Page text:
Rohan McWilliam: London’s West End: Creating the Pleasure District, 1800-1914 (Oxford University Press)
Janice Norwood: Victorian Touring Actresses (Manchester University Press)
2021 marks the 23rd STR Theatre Book Prize, which was established in 1998 to celebrate the Society’s Golden Jubilee. The aim of the Book Prize is to encourage the writing and publication of books on British-related theatre history and practice.
Adrian Lester and Lolita Chakrabarti: A Working Diary (Bloomsbury)
After In-Yer-Face Theatre: Remnants of a Theatrical Revolution edited by William Boles (Palgrave Macmillan)
As if by Chance: Journeys. Theatres, Lives by David Lan (Faber)
A Social History of British Performance Cultures 1900-1939: Citizenship, Surveillance and the Body by Maggie B. Gale (Routledge)
Bernard Shaw and the Censors: Fights and Failures, Stage and Screen by Bernard Dukore (Palgrave Macmillan)
Black British Women's Theatre: Intersectionality, Archives, Aesthetics by Nicola Abram (Palgrave Macmillan)
Break a Leg: A Memoir, Manifesto and Celebration of Amateur Theatre by Jenny Landreth (Chatto & Windus)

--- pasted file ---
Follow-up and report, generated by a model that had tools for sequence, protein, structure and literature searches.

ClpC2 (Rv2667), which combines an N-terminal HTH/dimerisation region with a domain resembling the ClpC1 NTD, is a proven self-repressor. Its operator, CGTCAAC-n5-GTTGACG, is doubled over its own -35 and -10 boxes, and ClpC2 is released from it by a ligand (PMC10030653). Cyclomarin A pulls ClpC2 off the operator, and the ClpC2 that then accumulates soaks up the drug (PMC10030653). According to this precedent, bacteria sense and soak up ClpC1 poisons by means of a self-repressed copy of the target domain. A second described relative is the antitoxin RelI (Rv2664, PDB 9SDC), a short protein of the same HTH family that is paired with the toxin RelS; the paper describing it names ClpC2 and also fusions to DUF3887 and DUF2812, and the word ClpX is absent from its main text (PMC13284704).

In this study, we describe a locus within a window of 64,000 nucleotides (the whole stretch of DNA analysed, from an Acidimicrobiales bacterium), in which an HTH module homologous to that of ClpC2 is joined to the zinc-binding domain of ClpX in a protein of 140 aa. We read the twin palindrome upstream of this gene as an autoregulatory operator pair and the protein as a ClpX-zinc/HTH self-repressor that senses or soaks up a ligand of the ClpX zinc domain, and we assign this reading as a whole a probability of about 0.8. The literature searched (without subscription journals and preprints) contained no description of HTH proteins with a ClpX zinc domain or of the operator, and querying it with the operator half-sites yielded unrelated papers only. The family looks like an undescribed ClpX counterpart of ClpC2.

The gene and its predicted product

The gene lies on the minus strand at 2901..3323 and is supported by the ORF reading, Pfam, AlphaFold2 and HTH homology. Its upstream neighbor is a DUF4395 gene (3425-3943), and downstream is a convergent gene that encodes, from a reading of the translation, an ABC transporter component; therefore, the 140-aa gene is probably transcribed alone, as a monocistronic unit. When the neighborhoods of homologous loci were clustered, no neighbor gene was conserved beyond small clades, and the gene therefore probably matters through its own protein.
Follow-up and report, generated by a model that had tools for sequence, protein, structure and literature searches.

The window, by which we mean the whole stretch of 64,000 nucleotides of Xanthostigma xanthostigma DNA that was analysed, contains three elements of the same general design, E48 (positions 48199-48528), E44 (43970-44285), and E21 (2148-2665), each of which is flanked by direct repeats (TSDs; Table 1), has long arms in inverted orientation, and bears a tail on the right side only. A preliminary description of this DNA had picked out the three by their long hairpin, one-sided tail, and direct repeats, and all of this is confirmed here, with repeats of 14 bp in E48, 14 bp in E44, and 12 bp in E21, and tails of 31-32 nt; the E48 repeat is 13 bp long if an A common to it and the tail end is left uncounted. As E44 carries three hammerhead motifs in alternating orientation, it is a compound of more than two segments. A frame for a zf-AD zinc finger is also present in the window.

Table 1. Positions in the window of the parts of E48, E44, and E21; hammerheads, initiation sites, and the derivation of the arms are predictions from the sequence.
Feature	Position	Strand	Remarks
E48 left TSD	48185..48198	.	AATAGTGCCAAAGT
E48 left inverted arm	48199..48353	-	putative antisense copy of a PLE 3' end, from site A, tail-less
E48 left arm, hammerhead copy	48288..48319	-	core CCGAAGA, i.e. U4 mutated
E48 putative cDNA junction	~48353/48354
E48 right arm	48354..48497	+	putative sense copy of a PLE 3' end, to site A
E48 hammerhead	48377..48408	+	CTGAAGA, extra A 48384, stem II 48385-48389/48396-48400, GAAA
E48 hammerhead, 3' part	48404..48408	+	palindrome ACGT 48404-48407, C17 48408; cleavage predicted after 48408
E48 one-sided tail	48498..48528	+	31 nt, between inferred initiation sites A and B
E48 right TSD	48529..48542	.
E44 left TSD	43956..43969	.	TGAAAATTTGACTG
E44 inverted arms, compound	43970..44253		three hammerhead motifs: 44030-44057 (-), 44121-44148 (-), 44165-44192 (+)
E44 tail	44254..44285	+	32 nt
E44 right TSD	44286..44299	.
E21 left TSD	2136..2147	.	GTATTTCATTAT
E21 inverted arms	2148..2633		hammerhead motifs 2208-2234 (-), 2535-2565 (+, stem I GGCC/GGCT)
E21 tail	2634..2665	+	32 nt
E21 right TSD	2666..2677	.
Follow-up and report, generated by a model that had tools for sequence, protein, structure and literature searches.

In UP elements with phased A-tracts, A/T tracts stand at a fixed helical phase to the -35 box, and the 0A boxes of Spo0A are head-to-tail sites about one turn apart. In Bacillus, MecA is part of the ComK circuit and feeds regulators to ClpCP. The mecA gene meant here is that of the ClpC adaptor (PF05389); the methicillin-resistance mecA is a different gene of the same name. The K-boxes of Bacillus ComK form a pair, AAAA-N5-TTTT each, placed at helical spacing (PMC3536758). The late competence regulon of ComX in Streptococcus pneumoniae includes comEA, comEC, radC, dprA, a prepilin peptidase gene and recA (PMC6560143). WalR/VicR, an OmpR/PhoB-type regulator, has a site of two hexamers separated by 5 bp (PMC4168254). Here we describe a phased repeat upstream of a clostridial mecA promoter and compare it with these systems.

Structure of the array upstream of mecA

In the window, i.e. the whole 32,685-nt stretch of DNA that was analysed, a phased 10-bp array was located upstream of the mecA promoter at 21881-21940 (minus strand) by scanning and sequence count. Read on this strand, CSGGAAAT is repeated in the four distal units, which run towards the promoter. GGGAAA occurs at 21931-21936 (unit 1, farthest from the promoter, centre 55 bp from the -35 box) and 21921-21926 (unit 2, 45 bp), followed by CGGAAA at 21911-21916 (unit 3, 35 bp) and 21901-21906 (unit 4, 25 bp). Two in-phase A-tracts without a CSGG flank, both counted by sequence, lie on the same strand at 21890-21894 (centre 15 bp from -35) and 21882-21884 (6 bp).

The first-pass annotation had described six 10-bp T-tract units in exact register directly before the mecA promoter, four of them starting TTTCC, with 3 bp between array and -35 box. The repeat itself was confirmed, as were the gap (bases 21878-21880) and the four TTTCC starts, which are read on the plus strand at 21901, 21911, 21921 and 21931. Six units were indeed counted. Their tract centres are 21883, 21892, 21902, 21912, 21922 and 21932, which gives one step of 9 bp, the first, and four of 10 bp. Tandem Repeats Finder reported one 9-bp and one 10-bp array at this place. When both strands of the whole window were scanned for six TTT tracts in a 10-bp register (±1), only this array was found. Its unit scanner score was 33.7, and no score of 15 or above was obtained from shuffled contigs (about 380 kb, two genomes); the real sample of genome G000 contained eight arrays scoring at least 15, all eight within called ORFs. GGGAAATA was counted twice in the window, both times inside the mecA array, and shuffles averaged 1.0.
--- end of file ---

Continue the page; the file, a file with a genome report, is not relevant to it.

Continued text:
Civic Performance: Pageantry and Entertainments in Early Modern London edited by J. Caitlin Finlayson and Amrita Sen (Routledge)
Digital Theatre: The Making and Meaning of Live Mediated Performance, US & UK 1990-2020 by Nadja Masura (Palgrave Macmillan)
East End Jews and Left-Wing Theatre: Alfie Bass, David Kossoff, Warren Mitchell and Lionel Bart by Isabelle Seddon (Vallentine Mitchell)
English Theatre and Social Abjection: A Divided Nation by Nadine Holdsworth (Palgrave Macmillan)
George Alexander and the Work of the Actor-Manager by Lucie Sutherland (Palgrave Macmillan)
Ghost Boy: a Playwright's Progress by Richard Crane
Good Nights Out: A History of Popular British Theatre since the Second World War by Aleks Sierz (Bloomsbury)
Immersion and Participation in Punchdrunk's Theatrical Worlds by Carina E. I. Westling (Bloomsbury)
John Heywood: Comedy and Survival in Tudor England by Greg Walker (Oxford University Press)
Live Art in the UK: Contemporary Performances of Precarity by Maria Chatzichristodoulou (Bloomsbury)
London's West End: Creating the Pleasure District 1800-1914 by Rohan McWilliam (Oxford University Press)
Movement Directors in Contemporary Theatre: Conversations on Craft by Ayse Tashkiran (Bloomsbury)
Music, Dance and Drama in Early Modern English Schools by Amanda Eubanks Winkler (Cambridge University Press)
My Voice, My Practice: Black Dance by Various (Serendipity)
Performance, Medicine and the Human by Alex Mermikides (Bloomsbury)
Performing Scottishness: Enactment and National Identities by Ian Brown (Palgrave Macmillan)
Performing Specimens: Contemporary Performance and Biomedical Display by Gianna Bouchard (Bloomsbury)